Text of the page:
77.9942enqueues0.0
88.8122leaves3.35581
98.8131now being served3.30971
1012.3352enqueues0.0
1112.9832leaves7.4733
1212.9841now being served4.98585
1313.7341leaves5.74268
1413.7350now being served1.39837
1515.7261enqueues0.0
1617.1272enqueues0.0
1717.7352leaves5.3967
1817.7361now being served2.00988
1920.082enqueues0.0
2020.7693enqueues0.0
2123.2663leaves7.53774
2223.2672now being served6.13554
2325.43103enqueues0.0
2426.0114enqueues0.0
2526.3574leaves9.22525
2626.3583now being served6.34474
2727.49124enqueues0.0
2827.6484leaves7.63665
2927.6493now being served6.88549
3029.06134enqueues0.0
last(df, 5)
notimecustqlenstatuswtime
1589.11711enqueues0.0
2589.11710now being served0.0
3593.771710leaves4.67801
4598.011721enqueues0.0
5598.011720now being served0.0
describe(df[df[!, :wtime] .> 0, :wtime])
Summary Stats:
Length:         302
Missing Count:  0
Mean:           7.486712
Minimum:        0.009196
1st Quartile:   3.866847
Median:         6.409644
3rd Quartile:   10.541481
Maximum:        23.268310
Type:           Float64

In $600$ minutes simulation time, we registered $172$ customers and $505$ status changes. The mean and median waiting times were around $7$ minutes.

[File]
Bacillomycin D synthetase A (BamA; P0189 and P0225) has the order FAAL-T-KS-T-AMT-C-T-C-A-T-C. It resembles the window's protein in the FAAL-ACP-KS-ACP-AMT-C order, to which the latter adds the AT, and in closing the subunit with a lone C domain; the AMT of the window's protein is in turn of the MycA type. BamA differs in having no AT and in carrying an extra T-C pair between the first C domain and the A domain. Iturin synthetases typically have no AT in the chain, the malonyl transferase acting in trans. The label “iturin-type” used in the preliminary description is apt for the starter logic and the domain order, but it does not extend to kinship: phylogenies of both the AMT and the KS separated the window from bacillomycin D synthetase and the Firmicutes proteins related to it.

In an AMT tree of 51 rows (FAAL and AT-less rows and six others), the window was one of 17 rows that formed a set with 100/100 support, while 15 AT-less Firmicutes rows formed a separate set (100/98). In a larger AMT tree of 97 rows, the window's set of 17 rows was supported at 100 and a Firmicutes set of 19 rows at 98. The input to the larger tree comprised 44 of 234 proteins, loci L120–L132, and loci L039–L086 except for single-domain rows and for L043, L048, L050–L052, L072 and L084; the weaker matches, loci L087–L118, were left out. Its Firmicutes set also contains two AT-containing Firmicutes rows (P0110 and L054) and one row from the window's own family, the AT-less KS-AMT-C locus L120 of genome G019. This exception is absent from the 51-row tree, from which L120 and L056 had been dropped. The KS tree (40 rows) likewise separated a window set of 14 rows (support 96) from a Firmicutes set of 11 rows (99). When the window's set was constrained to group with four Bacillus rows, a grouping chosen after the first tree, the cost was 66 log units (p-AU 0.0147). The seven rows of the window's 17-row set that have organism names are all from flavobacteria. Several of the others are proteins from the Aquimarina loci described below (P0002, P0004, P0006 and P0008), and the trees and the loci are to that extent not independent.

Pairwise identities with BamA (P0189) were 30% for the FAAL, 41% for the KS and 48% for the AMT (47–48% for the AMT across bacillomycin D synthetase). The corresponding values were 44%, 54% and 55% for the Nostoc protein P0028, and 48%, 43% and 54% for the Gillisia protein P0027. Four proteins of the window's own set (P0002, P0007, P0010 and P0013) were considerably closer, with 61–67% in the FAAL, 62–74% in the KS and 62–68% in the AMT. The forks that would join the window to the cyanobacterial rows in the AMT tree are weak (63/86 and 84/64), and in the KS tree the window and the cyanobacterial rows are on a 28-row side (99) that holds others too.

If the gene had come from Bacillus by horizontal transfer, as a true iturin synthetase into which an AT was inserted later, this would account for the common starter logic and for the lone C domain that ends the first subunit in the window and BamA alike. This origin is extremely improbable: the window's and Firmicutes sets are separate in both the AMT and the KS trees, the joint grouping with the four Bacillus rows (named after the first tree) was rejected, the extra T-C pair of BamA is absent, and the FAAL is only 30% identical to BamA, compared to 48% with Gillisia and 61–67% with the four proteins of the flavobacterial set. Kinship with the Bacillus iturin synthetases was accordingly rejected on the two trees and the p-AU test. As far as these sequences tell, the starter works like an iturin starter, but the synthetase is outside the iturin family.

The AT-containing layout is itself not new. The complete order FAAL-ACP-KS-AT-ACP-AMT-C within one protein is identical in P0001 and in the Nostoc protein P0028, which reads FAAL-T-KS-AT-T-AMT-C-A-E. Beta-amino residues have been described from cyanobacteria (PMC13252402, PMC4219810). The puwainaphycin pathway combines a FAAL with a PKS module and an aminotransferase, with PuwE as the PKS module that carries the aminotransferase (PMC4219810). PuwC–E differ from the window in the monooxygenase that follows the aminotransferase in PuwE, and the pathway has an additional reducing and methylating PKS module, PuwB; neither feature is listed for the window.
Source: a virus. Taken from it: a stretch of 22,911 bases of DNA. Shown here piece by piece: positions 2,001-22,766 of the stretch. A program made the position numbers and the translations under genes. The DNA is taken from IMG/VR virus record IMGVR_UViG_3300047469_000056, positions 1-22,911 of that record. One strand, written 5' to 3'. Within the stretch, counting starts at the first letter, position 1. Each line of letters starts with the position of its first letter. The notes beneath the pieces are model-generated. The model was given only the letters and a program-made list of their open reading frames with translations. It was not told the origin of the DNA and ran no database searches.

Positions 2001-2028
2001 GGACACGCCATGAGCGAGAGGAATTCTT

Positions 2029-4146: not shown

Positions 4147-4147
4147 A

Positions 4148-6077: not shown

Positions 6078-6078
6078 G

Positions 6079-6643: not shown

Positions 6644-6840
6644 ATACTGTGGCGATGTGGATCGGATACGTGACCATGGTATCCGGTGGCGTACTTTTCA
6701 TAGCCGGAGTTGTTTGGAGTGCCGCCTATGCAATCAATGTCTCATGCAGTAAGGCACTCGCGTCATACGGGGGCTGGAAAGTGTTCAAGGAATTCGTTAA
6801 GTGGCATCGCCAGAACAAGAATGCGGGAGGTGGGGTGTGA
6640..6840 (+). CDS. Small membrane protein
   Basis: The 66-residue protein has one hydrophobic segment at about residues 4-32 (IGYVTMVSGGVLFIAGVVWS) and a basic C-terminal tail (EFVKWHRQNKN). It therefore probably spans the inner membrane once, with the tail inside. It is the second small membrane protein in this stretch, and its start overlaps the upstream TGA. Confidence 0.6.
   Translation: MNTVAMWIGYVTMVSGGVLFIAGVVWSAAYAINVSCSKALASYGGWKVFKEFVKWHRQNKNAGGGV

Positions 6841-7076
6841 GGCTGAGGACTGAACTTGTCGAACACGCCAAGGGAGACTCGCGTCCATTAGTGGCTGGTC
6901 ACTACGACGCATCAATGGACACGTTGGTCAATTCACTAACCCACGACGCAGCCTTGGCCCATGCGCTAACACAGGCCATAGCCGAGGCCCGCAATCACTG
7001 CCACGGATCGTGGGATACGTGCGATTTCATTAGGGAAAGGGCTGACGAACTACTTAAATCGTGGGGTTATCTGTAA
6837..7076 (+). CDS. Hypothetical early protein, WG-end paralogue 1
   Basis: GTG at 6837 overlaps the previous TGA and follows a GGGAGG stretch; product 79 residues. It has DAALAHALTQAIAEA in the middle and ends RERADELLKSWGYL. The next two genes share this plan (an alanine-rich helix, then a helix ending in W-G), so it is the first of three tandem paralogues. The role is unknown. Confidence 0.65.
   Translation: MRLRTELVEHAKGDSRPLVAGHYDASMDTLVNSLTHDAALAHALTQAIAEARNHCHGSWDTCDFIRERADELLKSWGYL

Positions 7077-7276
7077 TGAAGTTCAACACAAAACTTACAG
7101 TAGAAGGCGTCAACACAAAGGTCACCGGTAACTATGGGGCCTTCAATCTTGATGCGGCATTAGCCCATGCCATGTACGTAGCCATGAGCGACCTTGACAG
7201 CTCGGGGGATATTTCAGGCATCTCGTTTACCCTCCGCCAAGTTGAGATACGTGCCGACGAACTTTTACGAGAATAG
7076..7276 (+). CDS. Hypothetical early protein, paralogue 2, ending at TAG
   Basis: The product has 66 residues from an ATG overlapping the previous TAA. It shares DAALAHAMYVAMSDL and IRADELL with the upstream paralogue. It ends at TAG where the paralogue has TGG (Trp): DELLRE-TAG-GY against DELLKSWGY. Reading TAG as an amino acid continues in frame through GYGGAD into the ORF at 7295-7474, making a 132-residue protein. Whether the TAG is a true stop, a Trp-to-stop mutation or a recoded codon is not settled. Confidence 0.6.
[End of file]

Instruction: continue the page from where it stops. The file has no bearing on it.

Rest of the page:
by(df, :status, df -> size(df, 1))
nostatusx1
1enqueues167
2now being served167
3leaves166
4leaves - queue is full!5

Of the $172$ customers, $167$ of them participated in the whole process and were served, but $5$ left beforehand because the queue was full:

df[df.wtime .< 0,:]
notimecustqlenstatuswtime
145.32195leaves - queue is full!-1.0
2249.11665leaves - queue is full!-1.0
3270.04745leaves - queue is full!-1.0
4380.391065leaves - queue is full!-1.0
5382.021075leaves - queue is full!-1.0
using PyPlot
step(df.time, df.wtime)
step(df.time, df.qlen)
axhline(y=0, color="k")
grid()
xlabel("time [min]")
ylabel("wait time [min], queue length")
title("Waiting Time in the Post Office")
legend(["wait_time", "queue_len"]);

png

Many customers had waiting times of more than 10, 15 up to even more than 20 minutes. The negative waiting times were the 5 customers, which left because the queue was full.

So many customers will remain angry. If this is the situation all days, our post office will have an evil reputation. What should we do?

Conclusion

Even if our process runs within predetermined bounds (queue length, customer wishes …), it seems to fluctuate wildly and to produce unpredicted effects. This is due to variation in arrivals, in demands and in serving time on system performance. In this case 10% extra capacity is not enough to provide enough buffer for variation and for customer service – even if our post clerk is the most willing person.

Even for such a simple everyday system, we cannot say beforehand – without reality check – which throughput, waiting times, mean queue length, capacity utilization or customer satisfaction will emerge. Even more so for more complicated systems in production, service, projects and supply chains with multiple dependencies.

If we had known the situation beforehand, we could have provided standby for our clerk or install an automatic stamp dispenser for cutting shorter tasks … We should have done a simulation before …